Matthew Amendt’s new play The Comedian’s Tragedy asks the burning question why did Aristophanes, the master of Greek comedy, never write any tragedies. Socrates in Plato’s Symposium equated comedy and tragedy with Aristophanes present, but the question does not seem to have been asked these 2,400 years. While Amendt attempts to pass off his play as history, he plays fast and loose with the actual facts.
Director Bill McCallum’s production does not help things by having the actors from ancient Athens mainly in contemporary clothing and having several historically male characters played by women. As most of the people in the play are not household names except to Greek scholars, this makes the play much more difficult to follow let alone recall what one should know about life in the days of Socrates and Aristophanes.
Ron Menzel as the Chorus Leader, at first dominates the play, but, in fact, the hero or protagonist turns out to be playwright Aristophanes (here called Aris) who is suffering from writer’s block. Dissolute and in mourning for both his lost love Lysistrata (apparently not the heroine of his famous comedy) and his parents, Aristophanes is a pariah in Athens for having defamed the ruler and general Cleon and been found guilty in a trial that branded him a pervert (of dreams). However, he and the Persian woman Xerxica (a fictitious character) fall in love and he is inspired to begin a tragedy for the next play festival. However, Cleon brings further charges and the resulting trial brings tragedy to all involved.
The play includes too many tangential plots which are never entirely explained: Socrates and Alicibiades’ ongoing feud, Cleon’s problems with his wife Aeresta, the multiple tragedies of Aristophanes’ Uncle Themon, as well as problems with the theater and the jury systems. Even at two and a half hours, the play cannot do justice to all of these plots.
Amendt assumes a knowledge of ancient Athens and its leading citizens which is a mistake as much necessary information is left unavailable to the viewer while in the theater (Google, please help!). Without program notes or introductions in the play, we are not told what we need to know about the conflict between Alcibiades (who is identified here with the god Dionysus) and Socrates (here a stand-in for the god Apollo). We are never told in what way Aristophanes libeled Cleon in his extant satiric plays like The Clouds and The Knights (as well as the lost Babylonians) and as these are rarely staged in favor of his more erotic Lysistrata, the audience is at a disadvantage. Cleon’s wife Aeresta (possibly a fictitious character) has a beef with him but this is never made clear either. That the prominent Athenian politicians Cleon and Nicias are played by women but were men only adds to the historical confusion.
McCallum’s cast is extremely uneven, some playing for laughs, most over the top even when little is at stake. Much of Menzel’s early speeches as the Chorus Leader are mumbled so that we do not know all we should know. Derek Smith’s Alcibiades and Gary Lowery’s Socrates seem to be engaged in a private war that remains opaque to us. As Aristophanes, the author is too histrionic as is Sarah Baskin as the Persian woman Xerxica who too little is revealed to be a fully drawn character.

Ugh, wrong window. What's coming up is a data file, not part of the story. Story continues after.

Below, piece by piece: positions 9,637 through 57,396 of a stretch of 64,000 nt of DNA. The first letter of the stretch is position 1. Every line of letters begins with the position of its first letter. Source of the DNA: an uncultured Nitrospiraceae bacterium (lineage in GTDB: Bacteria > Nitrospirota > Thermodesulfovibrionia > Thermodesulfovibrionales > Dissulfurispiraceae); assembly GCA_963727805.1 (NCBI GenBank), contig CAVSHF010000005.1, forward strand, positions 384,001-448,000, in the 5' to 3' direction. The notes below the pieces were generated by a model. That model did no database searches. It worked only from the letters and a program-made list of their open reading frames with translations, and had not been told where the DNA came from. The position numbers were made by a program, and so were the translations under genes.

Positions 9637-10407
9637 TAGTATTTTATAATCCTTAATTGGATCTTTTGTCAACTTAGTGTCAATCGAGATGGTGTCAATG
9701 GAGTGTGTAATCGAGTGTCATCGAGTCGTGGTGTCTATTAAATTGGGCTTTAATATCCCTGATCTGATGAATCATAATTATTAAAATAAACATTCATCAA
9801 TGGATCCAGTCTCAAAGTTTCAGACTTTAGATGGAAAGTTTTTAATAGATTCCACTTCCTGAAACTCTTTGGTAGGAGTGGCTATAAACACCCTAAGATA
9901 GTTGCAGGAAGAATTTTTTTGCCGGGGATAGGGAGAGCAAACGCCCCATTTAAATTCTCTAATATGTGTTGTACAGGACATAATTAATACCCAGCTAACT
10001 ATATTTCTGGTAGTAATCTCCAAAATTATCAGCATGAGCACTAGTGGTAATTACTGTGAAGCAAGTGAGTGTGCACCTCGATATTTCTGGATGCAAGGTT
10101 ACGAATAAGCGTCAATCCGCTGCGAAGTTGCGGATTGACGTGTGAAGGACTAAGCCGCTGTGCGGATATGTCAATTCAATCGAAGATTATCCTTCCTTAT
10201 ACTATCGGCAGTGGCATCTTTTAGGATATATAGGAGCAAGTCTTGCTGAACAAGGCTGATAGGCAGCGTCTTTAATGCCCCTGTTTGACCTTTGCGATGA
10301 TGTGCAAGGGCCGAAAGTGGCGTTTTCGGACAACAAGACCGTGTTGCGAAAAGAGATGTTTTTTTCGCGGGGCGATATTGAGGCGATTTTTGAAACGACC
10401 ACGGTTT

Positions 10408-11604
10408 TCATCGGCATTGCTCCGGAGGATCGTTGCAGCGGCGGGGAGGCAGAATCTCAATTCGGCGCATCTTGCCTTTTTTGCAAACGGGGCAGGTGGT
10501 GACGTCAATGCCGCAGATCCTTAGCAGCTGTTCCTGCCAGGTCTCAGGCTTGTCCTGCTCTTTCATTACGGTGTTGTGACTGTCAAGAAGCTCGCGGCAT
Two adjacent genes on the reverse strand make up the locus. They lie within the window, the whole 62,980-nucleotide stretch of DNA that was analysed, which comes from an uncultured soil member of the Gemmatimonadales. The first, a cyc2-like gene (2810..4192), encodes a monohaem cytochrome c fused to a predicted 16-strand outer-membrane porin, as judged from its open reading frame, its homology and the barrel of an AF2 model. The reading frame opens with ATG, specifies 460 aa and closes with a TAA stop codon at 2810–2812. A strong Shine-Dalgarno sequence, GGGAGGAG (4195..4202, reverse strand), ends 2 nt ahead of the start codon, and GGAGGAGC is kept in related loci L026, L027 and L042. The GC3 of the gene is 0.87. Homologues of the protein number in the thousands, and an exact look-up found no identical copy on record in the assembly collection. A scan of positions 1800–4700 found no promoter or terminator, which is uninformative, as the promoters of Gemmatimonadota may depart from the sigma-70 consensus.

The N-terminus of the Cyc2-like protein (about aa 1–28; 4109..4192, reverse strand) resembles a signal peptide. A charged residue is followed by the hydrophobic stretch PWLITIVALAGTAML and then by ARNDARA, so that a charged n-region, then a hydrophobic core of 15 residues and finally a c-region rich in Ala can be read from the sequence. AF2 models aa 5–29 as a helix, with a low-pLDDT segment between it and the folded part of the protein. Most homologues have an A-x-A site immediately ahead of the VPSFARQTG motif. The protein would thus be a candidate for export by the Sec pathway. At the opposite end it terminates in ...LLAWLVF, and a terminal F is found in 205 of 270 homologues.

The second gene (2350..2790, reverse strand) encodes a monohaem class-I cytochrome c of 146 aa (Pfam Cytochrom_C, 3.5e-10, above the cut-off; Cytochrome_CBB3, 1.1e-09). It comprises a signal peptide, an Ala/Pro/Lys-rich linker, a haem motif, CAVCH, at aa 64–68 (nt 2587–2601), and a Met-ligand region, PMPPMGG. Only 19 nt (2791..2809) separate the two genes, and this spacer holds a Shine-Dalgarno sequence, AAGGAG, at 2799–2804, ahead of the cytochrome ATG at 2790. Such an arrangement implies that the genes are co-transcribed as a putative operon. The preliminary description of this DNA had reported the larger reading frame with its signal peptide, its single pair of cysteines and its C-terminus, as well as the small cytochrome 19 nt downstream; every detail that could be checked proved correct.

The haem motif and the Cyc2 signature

As Aristophanes’ cousin Philippus, Julian Remulla is an impassioned enigma, while Stephen D. Ambrose as his father Themon is a one-dimensional, angry old man, which is mainly the fault of the writing. Anna Sundberg as the corrupt and manipulating Cleon is forceful but we are never told why this politician is now called “the Trump of ancient Athens.” His wife Aeresta played by Truett Felt is simply a tangential character who is never fleshed out. As Nicias, Asma Thabet’s accent is impenetrable nor are we even told who this historic character was.
Izzy Fields’ unit set is covered with original art by Maia Mazaurette of Greek life and themes as well as props, bookcases, lamps of all shapes and sizes, and mismatched chairs. Devoid of atmosphere, this gives the play no sense of time and place. Fields’ costumes are mainly contemporary but she put Nicias into a hoop skirt and Cleon into a 19th century army jacket, for no explainable reason other than to keep the time and place from being fixed to any one period. Mazaurette’s paintings are impressive but as they cover all sides of the stage walls and theater they are a distraction and not very suited to a theater set. As darkly lit by Leslie D. Smith, it is often difficult to see the art work which is the only connection to ancient Athens other than the historic characters’ names. The few moments of violence are the work of fight director Torsten Johnson with Maren Searle credited with movement for the whole cast.
Matthew Amendt’s The Comedian’s Tragedy in the style of meta-theater is an ambitious work which is ultimately a failure: it neither offers a compelling reason for its historic plot nor makes it dramatically believable enough to work as a tragedy. With so many facts left to the viewer’s imagination, it really needs program notes or a good deal of explanation not given by the narrator Chorus Leader. The unevenness of Bill McCallum’s deficient production makes the two and a half hours seem much longer than they actually are.
The Comedian’s Tragedy (through July 6, 2019)
Access Theater Black Box, 380 Broadway, 4th Floor, between Walker and White Streets, in Manhattan
For tickets, visit http://www.Artful.ly
Running time: two hours and 30 minutes including one intermission